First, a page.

Our main lesson is always in the morning. When the little one I homeschool arrives we head out for a nature walk, in any kind of weather. It is the perfect way to start our day, get rid of energy before I ask them to focus, and to notice what is happening in nature. When we get back they play while I get a morning snack together, and then we jump into main lesson. Main lesson at this level is about 75 to 90 minutes, although there are some days we have gone for two hours because they have enjoyed the lesson and want to keep going. We then clean up our main lesson area, and I head off to make lunch, and the kids play. After lunch our afternoon consists of outdoor free play, read aloud (for most of the year it was me reading to them, but over the last few weeks we have also added in them reading to me as they get started on their reading journey...I can't tell you how amazing this is), and then an activity for the afternoon. On Monday we knit, Tuesday we make soup and bake bread for dinner, and Thursday we watercolour, and sometimes have an extra lesson in form drawing. The afternoon always finishes up with a little more free play, because these kiddos are still kids, and free play is still where a lot of learning takes place.
For the last three years Wednesday and Friday have been our free days. Wednesday is left open for seasonal activities which could include skating, snowshoeing, hiking, and swimming, followed by running errands. I see running errands as a life skill, and a chance for Reece to interact with people in our community. The people at the post office know us very well, the store clerks at the grocery store do too. We say hello to them, we chat with them, and we get to know them. Friday's are our nature day. We hit the trails with other homeschooling families for a morning of fun in the woods. We don't plan anything on these nature days, no games, no journaling, no lessons in nature, just plain old fun. Climbing trees, feeding birds, having picnics trail side, chatting with friends, and just enjoying Mother Nature and time with other homeschooling families. It is laid back, and fun. Perfect for a Friday morning, and a little jump start on the weekend.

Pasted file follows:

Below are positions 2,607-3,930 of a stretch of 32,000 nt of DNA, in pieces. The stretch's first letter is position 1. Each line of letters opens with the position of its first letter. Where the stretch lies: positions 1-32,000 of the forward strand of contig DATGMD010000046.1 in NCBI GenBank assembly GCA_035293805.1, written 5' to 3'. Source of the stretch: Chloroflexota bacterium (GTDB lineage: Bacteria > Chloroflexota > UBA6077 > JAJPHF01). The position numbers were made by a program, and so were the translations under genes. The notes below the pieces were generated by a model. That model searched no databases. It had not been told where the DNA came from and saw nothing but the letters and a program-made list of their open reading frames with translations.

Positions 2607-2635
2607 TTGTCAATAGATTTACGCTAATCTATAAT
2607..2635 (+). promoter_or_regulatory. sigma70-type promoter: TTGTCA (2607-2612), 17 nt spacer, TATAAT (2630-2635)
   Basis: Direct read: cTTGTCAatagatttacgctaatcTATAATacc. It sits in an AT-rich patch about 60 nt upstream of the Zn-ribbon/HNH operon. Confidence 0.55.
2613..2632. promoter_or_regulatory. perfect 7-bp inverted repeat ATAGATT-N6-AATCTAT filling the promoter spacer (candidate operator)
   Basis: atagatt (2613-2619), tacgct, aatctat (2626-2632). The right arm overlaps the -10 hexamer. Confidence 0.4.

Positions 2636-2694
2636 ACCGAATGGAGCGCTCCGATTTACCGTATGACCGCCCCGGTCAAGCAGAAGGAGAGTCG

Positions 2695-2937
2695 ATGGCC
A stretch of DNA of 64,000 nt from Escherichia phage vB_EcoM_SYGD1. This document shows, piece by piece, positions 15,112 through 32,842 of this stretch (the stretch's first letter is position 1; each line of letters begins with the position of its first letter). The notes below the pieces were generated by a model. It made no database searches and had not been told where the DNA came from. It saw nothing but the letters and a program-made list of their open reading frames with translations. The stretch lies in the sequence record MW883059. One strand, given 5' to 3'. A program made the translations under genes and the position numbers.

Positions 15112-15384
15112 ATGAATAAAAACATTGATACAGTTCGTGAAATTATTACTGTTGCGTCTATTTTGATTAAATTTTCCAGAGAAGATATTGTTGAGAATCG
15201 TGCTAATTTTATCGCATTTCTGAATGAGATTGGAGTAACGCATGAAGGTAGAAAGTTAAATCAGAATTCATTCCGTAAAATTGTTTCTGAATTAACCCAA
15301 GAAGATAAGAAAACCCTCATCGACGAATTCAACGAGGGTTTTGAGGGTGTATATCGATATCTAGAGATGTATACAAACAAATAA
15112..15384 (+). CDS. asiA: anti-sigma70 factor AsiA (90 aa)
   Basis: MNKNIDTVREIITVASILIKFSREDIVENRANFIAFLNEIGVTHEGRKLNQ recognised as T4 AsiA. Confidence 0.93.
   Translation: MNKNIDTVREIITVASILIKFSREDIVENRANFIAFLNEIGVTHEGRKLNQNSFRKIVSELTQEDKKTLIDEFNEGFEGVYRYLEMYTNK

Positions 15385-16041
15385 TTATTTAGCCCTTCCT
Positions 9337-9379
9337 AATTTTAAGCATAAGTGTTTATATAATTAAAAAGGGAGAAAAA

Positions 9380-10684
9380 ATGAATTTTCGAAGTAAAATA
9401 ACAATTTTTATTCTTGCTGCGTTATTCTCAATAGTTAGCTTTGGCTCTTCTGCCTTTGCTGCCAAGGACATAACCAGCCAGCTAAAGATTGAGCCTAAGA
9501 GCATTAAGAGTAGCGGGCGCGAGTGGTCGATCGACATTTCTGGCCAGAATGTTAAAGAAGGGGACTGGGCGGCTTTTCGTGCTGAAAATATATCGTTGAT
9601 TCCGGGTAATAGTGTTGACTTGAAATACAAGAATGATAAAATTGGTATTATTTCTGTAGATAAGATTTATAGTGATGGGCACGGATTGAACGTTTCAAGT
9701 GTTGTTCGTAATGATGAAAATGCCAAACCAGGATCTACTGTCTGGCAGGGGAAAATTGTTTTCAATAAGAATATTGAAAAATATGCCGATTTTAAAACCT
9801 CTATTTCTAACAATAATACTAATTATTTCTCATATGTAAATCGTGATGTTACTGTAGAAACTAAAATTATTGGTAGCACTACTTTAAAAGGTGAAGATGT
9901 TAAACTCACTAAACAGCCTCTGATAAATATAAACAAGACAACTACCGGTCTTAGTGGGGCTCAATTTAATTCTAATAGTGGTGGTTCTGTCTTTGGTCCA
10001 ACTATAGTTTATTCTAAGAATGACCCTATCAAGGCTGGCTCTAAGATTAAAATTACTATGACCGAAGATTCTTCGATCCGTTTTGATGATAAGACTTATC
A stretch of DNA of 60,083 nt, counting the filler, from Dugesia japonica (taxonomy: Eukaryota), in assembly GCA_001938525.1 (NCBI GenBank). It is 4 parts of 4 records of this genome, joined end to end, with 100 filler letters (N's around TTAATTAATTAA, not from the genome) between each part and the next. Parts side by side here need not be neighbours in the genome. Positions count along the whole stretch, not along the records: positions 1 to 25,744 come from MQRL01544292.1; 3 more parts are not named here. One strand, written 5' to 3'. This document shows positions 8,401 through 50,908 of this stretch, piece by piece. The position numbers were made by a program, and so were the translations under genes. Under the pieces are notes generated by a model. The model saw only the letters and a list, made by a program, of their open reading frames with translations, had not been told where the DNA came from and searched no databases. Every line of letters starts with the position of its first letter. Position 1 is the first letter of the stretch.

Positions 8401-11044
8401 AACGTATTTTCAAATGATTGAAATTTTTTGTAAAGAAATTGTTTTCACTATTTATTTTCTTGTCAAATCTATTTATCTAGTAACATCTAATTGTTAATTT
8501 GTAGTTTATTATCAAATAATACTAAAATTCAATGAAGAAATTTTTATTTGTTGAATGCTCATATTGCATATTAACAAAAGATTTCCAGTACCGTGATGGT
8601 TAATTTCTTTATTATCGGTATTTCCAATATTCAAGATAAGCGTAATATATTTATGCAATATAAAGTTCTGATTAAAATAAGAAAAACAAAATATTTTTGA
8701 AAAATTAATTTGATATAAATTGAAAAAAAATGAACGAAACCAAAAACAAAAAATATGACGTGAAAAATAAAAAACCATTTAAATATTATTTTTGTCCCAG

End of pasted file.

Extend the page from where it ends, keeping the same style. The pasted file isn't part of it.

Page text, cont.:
Homeschooling my little man and his little friend is a joy. I knew before Reece was born that this was the path we would walk, I had no idea at the time I would have the honour of homeschooling one of his little friends, but I wouldn't change it. It is amazing to watch them blossom and grow, to see their love of learning develop, and to witness those moments when everything clicks and they get it, you know, that A-HA moment.
Reece and I will move into summer learning mode in about a month, with an easy, go with the flow rhythm. I have a definite idea of what I hope to accomplish with him over the summer months, but I am also not at all worried if we steer away from the plan, it is summer after all. As I mentioned in a previous post, there will definitely be a big dinosaur component to our summer learning, and I am sure Reece will have some other things he wishes to delve a little deeper into. So I will follow his lead, and see where it takes us.
So, that's how we homeschool, for now. I do have plans to change some things up a bit next year, but will still follow along with our Waldorf inspired learning. The wonderful thing about homeschooling is the freedom to make changes, do something a little differently, and spend more time on an area of interest when my little man wishes to do so. It's something I appreciate, and something I know he appreciates.
I hope I have given you an idea of what our homeschool days look like. I am happy to answer questions if you have them, feel free to leave a question in the comment section, or if you prefer, send an email.
Happy weekend, friends!